Move northward from room 239 to The Spanish Skylight Room or the Spanish Cabinet - Room 240. Far smaller room than the former one. Again, Spanish artists of the 15th to early 17th century. Visitors' attention is drawn to one of the masterpieces of the picture gallery - El Greco's painting of The Apostles Peter and Paul and other works by that great Spanish painter:

    El Greco,  The Apostles Peter and Paul, circa 16th-century - The Spanish Skylight Room - Room 240:


    El Greco , St Bernard, Spain, 1579 - The Spanish Skylight Room - Room 240:


    Juan Pantoja de la Cruz, Portrait of Diego de Villamayor, Spain, 1605, FANTASTIC PICTURE - The Spanish Skylight Room - Room 240. This vibrant portrait of a 17-year-old courtier in burnished black and gold armour by a much less-well known artist is a remarkably successful study of power and character !

    From the Spanish Skylight Room we continue to a long series of inner rooms in the New Hermitage: the majority include Italian Art and the minority of them - Spanish Art. We start with rooms 230 -236, continue to the Majolica Room and finalize with rooms 207-226. We shall show, here, the most notable masterpieces or famous highlights - displayed in these rooms. The sequence of the inner rooms, in this tip - is according to our course of walking. From Room 240 we move eastward, first, to room 236.


    Francesco Guardi, 1712-1793, View (Veduta) of the Island of San Giorgio Maggiore in Venice, Italy, Between 1765 and 1775 - Italian Art - Room 236:

    Giovanni Battista Tiepolo - Maecenas Presenting the Liberal Arts,1743 - Italian Art - Room 236:

    Pietro Rotari, Portrait of Countess A.M. Vorontsova, Italy, Between 1756 and 1762 -  talian Art - Room 235:

    Francesco Solimena, 1657-1747, Rebecca and Eliezer at the Well, Italy, Late 1690s - Italian Art - Room 234:

    Mattia Preti, Concert, Italy, Circa 1630 - Italian Art - Room 234:

    Alessandro Algardi, 1598-1654, Portrait of Olimpia Pamphilj (aristocrat and art-lovers Italian, Roman family), Italy, 1640s - Italian Art - Room 233:

    Gian Lorenzo Bernini, 1598-1680, Constantine the Great, Italy, Circa 1662-1663 - Italian Art - Room 232:

    Bernardo Strozzi (Il Cappuccino), 1581-1644, St Secundus and Angel, Italy, Circa 1635-1640 - Italian Art - Room 232:

    Andrea Sacchi, 1599-1661, Venus at Rest, Italy - Italian Art - Room 231:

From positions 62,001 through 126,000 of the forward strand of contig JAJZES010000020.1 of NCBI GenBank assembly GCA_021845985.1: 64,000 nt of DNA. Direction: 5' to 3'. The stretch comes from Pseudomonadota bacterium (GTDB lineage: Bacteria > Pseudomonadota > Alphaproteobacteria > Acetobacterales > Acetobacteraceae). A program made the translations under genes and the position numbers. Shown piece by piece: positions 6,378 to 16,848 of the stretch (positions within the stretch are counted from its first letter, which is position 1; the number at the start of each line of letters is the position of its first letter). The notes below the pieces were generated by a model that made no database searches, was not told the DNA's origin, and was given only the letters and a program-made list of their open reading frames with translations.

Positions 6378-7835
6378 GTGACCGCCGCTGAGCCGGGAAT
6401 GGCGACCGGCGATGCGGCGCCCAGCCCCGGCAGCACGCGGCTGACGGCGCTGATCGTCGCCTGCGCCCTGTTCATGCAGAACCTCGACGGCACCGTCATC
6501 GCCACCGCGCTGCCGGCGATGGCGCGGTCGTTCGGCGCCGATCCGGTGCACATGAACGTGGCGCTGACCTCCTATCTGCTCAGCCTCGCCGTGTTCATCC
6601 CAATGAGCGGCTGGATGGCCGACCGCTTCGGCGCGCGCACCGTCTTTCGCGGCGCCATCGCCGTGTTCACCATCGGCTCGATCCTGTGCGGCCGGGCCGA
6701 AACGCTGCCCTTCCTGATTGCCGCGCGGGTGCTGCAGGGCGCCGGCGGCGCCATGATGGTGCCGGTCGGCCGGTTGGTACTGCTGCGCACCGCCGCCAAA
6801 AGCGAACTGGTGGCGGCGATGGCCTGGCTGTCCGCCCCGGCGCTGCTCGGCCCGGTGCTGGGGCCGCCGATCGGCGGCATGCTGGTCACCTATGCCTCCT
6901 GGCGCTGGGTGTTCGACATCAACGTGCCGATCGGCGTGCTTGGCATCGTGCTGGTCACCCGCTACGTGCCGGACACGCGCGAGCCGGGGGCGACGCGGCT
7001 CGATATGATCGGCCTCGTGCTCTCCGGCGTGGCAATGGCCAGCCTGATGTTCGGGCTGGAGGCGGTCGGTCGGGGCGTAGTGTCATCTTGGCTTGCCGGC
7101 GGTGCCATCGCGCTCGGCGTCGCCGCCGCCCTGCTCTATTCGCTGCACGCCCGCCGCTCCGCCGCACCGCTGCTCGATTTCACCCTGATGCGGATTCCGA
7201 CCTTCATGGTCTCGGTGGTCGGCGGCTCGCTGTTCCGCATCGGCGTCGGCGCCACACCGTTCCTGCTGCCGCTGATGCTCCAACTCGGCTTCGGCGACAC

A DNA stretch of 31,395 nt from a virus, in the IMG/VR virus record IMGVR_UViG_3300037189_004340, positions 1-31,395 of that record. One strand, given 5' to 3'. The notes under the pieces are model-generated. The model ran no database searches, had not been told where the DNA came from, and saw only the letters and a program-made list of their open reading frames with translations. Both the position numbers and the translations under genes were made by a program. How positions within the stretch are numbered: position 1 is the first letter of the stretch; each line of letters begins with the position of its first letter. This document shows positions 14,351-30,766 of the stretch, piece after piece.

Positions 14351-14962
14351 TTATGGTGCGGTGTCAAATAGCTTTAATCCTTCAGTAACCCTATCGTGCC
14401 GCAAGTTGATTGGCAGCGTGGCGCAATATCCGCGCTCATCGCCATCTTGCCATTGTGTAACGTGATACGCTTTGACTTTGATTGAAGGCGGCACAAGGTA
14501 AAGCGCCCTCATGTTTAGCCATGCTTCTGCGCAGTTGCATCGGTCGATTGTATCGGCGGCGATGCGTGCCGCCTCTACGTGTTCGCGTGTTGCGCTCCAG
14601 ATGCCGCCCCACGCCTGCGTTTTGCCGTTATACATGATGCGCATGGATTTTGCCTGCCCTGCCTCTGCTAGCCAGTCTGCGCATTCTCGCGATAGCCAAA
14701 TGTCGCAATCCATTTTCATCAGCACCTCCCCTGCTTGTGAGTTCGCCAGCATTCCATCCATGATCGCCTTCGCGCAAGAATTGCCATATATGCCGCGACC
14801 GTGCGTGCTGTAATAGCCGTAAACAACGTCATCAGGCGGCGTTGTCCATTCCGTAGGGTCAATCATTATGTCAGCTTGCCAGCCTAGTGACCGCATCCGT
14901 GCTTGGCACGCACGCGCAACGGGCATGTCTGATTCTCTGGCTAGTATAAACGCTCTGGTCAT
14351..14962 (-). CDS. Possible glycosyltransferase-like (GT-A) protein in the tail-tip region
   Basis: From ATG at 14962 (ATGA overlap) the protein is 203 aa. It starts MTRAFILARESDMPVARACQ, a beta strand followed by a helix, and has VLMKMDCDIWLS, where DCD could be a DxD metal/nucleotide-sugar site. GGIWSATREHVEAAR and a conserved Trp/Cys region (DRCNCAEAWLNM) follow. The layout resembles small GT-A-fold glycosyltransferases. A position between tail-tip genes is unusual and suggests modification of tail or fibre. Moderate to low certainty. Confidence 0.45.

Guido Reni, 1575-1642, St Joseph with Infant Christ in his Arms, Italy, Circa 1635 - Italian Art - Room 231:

    The last room and most eastern in this roow of inner rooms with Italian Art - is room 230 - the Italian cabinet. Here, you find one of the most famous highlights of the Itallian Renaissance art: The Crouching Boy by Michelangelo:

    Buonarroti Michelangelo, Crouching Boy, Italy, Between 1530 and 1534. Originally the sculpture was intended for the Medici chapel in the Church of San Lorenzo in Florence - The Italian Cabinet - Room 230:

    Baccio Bandinelli, Faun - The Italian Cabinet - Room 230:

    From room 230 we turn left, north, to The Majolica Room - Room 229. This is one of the grand halls of the New Hermitage. Constructed in the mid-19th century to the design of Leo von Klenze for the purpose of displaying the collection of cameos. The interior decoration of this room is based on motifs of Renaissance art. The hall features the collection of Italian art of the 15th and 16th centuries.

    Raphael (Raffaello Santi), 1483-1520, Madonna and Child (The Conestabile Madonna) - The Majolica Room - Room 229:

    Francesco Xanto Avelli, circa 1487-circa 1542, Tile, The Battle of Achilles and Hector, Italy - The Majolica Room - Room 229:

    Francesco Xanto Avelli, circa 1487-circa 1542, Plate. Polyphemus, Galatea and Acis, Italy, 1535 - The Majolica Room - Room 229:

    From the Majolica room - we turn right, EAST, the small room number 226. Browse it quickly.

    The Workshop of Orazio Fontana, Dish. Minerva and Muses, Italy, Between 1565 and 1570 - room 226:

    WE ENTER, NOW THE The Great (Old) Hermitage.

    Continue north to room 224 and, later, to room 216.Here, YOU FOND ONE OF THE MOST MONUMENTAL PICTURES IN THE WHOLE HERMITAGE. STUNNING. BREATH-TAKING.  Giulio Romano (1499-1546), A Pair of Lovers or The Two Lovers, (Due Amanti), c. 1525. This painting illustrates Giulio Romano's tendency for erotic subject matter. It may show the encounter between Zeus and Alcmene. Alcmene was the mother of Hercules and the wife of Amphitryon, but the night she conceived Hercules and his twin brother Iphicles, Alcmene mated with both Zeus, who had disguised himself as her husband, and Amphitryon. As a result, Zeus was Hercules's father, but Amphitryon was the father of Iphicles. The alarmed dog at the maidservant's feet points to a breach of marital fidelity. The bed's carved decoration of a satyr and nymph may allude to another of Zeus's amorous adventures, when he assumed the guise of a satyr to make love to the nymph Antiope. Giulio Romano was an Italian painter and architect and notably a prominent pupil of Raphael. His stylistic deviations from Renaissance’s Classicism help define the 16th-century style known as Mannerism. This picture stood in Catherine-the-Great bedroom for tens of years. What an inspiration !!!

    Room 216 provides a wonderful view over the little Winter (Zimnaya) Canal and the Hermitage Theatre.

    The next series of rooms: 217-222 are centered around Venetian art. Turn LEFT, WEST to room 223 (NOT TO room 215 !), pass it quickly and arrive to, the more interesting, The Veronese Room - Room 222.

    Paolo Veronese (1528-1588), Mourning of Christ, Pietà - The Veronese Room - Room 222:

    Paolo Veronese, Resurrection of Christ, Italy, 1570s -  The Veronese Room - Room 222:

    The next, westward room is The Titian Room - Room 221. The room is used to display works from the later part of the career of Titian (1488-1576), the great Venetian Renaissance artist. They include Danaë, The Repentant Mary Magdalene and St Sebastian. The Titian Room is one of the courtyard-side suite of rooms in the Old (Large) Hermitage that was decorated by Andrei Stakenschneider in the 1850s.

    Room 221: